If you define a function with the abort argument, your function will abort as soon as an error is detected. Is there any case where this is not what you'd want?

Even if your function needs to perform some final cleanup, I'd expect using finally in combination with abort would be the best practice, e.g.

function! Foo() abort
  call s:make_mess()
    call s:might_fail()
    call s:cleanup()

Is there any case where you'd actually want non-abort behavior?

  • Expected failure ?
    – D. Ben Knoble
    Commented Apr 12, 2018 at 14:28

1 Answer 1


Discl.: It's just guessing on my part.

abort didn't exist when function was introduced. I guess that in order to not break existing code it was decided to not change the current behaviour and to provide another behaviour only when functions are explicitly annotated.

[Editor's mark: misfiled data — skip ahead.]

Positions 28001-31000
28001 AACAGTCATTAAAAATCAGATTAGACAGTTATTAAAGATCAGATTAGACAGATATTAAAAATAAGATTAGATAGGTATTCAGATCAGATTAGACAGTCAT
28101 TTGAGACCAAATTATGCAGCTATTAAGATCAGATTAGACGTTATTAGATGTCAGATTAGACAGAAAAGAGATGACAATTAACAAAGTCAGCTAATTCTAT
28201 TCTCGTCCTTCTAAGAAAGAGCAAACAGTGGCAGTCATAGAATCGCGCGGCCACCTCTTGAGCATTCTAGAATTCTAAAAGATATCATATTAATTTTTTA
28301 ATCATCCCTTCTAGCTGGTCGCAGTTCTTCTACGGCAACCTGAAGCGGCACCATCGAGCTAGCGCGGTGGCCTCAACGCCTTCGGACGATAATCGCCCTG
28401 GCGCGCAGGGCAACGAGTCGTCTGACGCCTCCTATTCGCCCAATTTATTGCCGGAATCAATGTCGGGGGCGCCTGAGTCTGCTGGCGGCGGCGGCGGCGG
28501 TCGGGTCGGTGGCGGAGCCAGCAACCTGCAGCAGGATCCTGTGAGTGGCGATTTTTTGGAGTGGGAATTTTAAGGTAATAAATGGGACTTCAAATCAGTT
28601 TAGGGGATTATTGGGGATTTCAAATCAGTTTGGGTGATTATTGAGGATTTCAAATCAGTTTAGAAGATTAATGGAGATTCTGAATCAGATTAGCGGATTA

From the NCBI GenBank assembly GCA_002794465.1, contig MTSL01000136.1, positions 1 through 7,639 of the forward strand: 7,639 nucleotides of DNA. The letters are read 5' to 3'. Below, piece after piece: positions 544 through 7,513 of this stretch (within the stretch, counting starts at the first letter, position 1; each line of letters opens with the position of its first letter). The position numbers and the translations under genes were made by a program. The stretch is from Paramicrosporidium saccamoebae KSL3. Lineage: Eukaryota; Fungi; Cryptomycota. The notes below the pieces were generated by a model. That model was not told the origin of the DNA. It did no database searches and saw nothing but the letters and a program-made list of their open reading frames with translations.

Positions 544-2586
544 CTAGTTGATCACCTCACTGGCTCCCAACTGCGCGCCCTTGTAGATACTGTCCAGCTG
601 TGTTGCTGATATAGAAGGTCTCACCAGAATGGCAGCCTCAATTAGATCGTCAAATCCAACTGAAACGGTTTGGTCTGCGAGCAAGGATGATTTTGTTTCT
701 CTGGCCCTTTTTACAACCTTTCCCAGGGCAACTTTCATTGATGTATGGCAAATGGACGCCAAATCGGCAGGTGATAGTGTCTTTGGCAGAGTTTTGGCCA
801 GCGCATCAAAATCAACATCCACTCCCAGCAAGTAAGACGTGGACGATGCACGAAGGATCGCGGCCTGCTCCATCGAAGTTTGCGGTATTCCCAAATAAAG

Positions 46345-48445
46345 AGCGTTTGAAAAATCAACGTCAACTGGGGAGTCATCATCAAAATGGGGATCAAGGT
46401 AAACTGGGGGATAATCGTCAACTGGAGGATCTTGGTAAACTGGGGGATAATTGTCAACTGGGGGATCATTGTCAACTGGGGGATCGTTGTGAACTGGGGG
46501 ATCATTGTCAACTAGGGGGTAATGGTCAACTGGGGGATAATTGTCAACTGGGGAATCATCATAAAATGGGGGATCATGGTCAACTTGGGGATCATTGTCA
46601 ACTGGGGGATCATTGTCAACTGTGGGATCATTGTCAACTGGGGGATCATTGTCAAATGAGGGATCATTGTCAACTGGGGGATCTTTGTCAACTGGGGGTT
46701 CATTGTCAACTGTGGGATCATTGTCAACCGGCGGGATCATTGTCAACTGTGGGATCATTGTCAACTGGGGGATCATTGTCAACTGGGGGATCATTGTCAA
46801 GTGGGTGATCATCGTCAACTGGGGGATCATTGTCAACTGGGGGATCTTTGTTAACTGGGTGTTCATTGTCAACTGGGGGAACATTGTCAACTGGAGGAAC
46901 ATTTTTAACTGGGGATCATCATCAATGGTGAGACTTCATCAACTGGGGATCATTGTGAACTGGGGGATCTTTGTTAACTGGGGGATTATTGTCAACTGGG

Now, where should we not use it? I see no good reason. Even if a non annotated function continues after an error, we do observe many annoying error messages about unbalanced control statements (if, while...).

When I execute code that can fail, I'd rather be explicit with silent!, try...catch or any other specific approach. I do have many non-abort-annotated functions, it's just a sign they are very old and that I haven't upgraded them yet.

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